Organ music in the Middle Ages: Ideas about context and performance by Ulrike Hascher-Burgerby Ulrike Hascher-Burger | Het ORGEL | Year 109 | (2013) | Issue 4
Ulrike Hascher-Burger Organ music in the Middle Ages: Ideas about context and performance
Het ORGEL 109 (2013), nr. 3, 26-31 [summary]
Besides the copy of the Peter Gerritsz organ in the Orgelpark, The Netherlands has another reconstruction of a medieval organ: the Theophilus organ in Marsum (prov. Groningen). This instrument was reconstructed using old documents: a miniature and the texts about organ building of Theophilus Presbyter (12th century). Since there are few remnants of medieval organs, ancient documents are essential to our knowledge of the history of the instrument in the Middle Ages and the way it was used.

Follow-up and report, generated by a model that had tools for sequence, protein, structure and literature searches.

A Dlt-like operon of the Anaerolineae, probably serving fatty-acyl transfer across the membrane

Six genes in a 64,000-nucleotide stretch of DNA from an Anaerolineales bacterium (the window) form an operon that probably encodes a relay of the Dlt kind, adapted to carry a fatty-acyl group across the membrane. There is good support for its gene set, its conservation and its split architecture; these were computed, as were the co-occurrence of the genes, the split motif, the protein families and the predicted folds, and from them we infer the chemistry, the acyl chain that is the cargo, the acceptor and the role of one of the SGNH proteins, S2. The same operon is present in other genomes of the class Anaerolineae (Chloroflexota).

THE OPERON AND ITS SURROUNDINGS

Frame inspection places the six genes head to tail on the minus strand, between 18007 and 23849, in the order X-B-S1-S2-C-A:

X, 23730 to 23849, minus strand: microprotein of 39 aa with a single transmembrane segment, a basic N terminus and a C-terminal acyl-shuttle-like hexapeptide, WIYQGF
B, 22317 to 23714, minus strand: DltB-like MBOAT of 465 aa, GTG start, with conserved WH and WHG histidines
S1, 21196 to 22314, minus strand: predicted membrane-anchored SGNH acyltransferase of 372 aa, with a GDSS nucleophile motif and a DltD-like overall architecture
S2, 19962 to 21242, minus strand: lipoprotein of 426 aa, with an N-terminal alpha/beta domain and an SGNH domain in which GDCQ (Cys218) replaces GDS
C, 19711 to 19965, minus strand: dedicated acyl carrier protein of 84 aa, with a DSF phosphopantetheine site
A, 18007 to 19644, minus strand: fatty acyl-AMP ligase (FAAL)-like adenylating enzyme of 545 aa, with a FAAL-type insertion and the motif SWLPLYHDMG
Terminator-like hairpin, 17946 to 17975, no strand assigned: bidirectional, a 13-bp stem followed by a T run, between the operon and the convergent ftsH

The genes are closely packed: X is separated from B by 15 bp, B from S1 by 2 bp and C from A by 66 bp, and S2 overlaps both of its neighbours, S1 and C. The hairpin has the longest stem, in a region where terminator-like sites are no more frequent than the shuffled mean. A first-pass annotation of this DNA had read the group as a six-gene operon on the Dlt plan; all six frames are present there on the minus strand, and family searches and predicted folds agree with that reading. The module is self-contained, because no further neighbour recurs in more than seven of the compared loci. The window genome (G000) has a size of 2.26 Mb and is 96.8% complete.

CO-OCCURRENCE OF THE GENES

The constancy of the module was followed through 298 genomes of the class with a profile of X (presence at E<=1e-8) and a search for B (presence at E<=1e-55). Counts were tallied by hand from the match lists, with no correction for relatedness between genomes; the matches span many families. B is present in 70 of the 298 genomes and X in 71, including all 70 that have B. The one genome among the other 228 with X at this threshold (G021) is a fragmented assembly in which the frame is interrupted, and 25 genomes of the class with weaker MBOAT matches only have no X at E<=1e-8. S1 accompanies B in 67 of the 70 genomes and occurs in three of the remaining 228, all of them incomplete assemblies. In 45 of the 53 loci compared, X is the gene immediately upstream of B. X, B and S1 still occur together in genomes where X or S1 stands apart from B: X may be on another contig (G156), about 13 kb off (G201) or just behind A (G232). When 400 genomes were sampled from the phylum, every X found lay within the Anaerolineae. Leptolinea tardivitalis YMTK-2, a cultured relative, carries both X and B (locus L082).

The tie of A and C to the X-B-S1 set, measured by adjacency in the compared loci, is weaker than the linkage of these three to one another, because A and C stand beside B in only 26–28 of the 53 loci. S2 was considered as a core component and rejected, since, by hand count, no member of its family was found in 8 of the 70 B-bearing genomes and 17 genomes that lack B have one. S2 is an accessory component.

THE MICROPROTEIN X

The 14th-century reformation movement known as Modern Devotion, in particular the Chapter of Windesheim, opposed the liturgical use of the organ. This prohibition conflicted with the highly developed organ culture of The Netherlands and the present-day province of Niedersachsen, where the Chapter of Windesheim introduced a great campaign for reformation after 1450. The prohibition was continually evaded or modified. This led to an individual and creative way of using the organ in the liturgy in cloisters. As a result, alternatim praxis was until the 17th century the most usual way of combining organ and voice. There are even indications that the organ was used to replace all vocal music.